Dayton educators tout having ‘a way around’ Critical Race Theory bans by avoiding ‘triggering words’
January 30, 2023
Accuracy in Media’s hidden camera investigation into Ohio schools has already revealed the deceptive tactics being used in both Columbus and Cincinnati to sneak Critical Race Theory into education – but those aren’t the only schools that are willing to mislead parents.
Dayton, Ohio educators are similarly prepared to skirt anti-CRT laws if they are enacted in the state.
“There’s all sorts of ways around it,” Kettering City School District Student Services Supervisor Rick Earley told AIM’s investigators on hidden camera.
Betsy Gann, director of Curriculum and Gifted Services at Bellbrook-Sugarcreek Schools, echoed this, saying that “There’s language that we need to be careful of. There are triggering kinds of words and that’s how I put it.”
When AIM investigators asked if they could teach the same content under a different label, she said, “Yeah.”
Last year, Republican lawmakers in Ohio introduced legislation that would have prohibited CRT in schools. Specifically, House Bill 616 would have barred “teaching or providing training that promotes or endorses divisive or inherently racist concepts.”
The measure, which was smeared as a “don’t say gay” bill and compared to Florida’s Parental Rights in Education Act, did not advance out of Ohio’s legislature.
Activist educators in the state are making it very clear that even if the bill had been signed into law, it wouldn’t have stopped them.
According to Gann, phrases such as “CRT” and “culturally responsive” are “triggering.” They also “don’t formally use” the word antiracism. However, she claimed that students are still taught to be “antiracist.”
Defending the content that may trigger some, she said “that’s not putting you down, caucasian man, it’s being an advocate.”
It would be “unfortunate” to change the name of the content being taught due to a CRT ban, said Earley. But he explained how the school is prepared to work around a possible ban nonetheless.
“It all goes back to how you dress the window,” Earley told investigators. “You can do a lot of shopping without anybody even knowing you’re shopping.”
“You just have to be very careful how you phrase whatever you’re going to say,” he continued, confirming that they would indeed change the label of the lessons while leaving the content unaltered.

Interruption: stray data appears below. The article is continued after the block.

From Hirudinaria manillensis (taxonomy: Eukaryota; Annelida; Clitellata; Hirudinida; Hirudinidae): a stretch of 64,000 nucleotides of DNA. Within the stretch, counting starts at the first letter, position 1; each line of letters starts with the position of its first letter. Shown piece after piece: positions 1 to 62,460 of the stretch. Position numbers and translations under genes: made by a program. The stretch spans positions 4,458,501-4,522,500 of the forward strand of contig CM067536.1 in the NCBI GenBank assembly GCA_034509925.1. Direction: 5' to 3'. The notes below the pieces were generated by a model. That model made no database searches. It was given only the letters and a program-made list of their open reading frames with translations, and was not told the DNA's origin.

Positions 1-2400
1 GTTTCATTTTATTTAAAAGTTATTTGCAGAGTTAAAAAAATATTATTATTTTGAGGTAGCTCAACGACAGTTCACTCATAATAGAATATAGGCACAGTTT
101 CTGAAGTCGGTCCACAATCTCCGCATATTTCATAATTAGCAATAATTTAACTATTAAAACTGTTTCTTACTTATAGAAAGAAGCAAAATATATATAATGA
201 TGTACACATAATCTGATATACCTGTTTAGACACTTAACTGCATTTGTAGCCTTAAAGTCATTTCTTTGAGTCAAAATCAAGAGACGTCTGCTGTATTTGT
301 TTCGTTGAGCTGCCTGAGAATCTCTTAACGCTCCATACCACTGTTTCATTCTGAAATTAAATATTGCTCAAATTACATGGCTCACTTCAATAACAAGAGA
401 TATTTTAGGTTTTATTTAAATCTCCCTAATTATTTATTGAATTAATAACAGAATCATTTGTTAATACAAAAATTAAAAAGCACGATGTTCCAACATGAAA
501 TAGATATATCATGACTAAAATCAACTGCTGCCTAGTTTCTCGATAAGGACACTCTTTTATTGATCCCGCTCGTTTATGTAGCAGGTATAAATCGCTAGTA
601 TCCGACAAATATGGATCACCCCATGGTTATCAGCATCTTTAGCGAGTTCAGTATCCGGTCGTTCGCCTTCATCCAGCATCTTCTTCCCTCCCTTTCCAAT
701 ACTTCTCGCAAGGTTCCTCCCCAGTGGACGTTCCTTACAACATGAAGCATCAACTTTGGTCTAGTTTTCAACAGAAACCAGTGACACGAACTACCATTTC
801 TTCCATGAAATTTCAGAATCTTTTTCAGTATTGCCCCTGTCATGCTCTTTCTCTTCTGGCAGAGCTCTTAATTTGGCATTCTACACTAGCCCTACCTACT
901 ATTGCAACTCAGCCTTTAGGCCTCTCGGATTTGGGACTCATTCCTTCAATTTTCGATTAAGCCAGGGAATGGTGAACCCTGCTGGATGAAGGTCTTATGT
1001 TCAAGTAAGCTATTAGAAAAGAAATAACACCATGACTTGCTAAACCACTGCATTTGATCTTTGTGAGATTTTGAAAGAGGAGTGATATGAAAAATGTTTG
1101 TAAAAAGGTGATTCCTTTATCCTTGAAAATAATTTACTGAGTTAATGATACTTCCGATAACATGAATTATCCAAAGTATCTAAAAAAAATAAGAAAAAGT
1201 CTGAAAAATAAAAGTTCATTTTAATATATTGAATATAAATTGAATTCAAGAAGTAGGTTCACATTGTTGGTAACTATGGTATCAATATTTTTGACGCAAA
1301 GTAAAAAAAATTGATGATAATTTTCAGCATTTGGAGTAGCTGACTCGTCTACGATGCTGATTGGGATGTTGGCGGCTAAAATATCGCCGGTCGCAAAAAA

Gann also revealed to investigators that she used school funds to purchase the book “White Fragility” by Robin DiAngelo for staff members–and the reading counted as “professional development.”
“We did ‘White Fragility,’” she said. “I did buy those out of funds. So, it was a professional development opportunity.”
“It was grant-funded,” she explained, specifying that the money came from “staff development funds.”
Dayton educators, similar to their counterparts in both Columbus and Cincinnati, are willing to do whatever it takes to get CRT into schools. They’re willing to slap new labels on their lessons so they can keep infusing social justice into them.
Bans like the one proposed in HB616 would not stop these schools, as is evident in their conversations with AIM’s investigators.
The answer may lie in a bill recently introduced in Ohio’s legislature by Ohio Sen. Sandra O’Brien. The Enact the Parent Educational Freedom Act, or SB11, seeks to expand school choice for students and families in the state.
O’Brien’s proposal would open up eligibility for the existing Educational Choice scholarships while also increasing the income tax credit available to cover homeschooling expenses.
This way, families across Ohio would be able to access private schools or even afford to homeschool. While public institutions have a monopoly, they clearly won’t stop pushing CRT content.
If Ohio were to grant families choices in schooling options, public schools would be forced to ditch the agenda to maintain enrollment rates.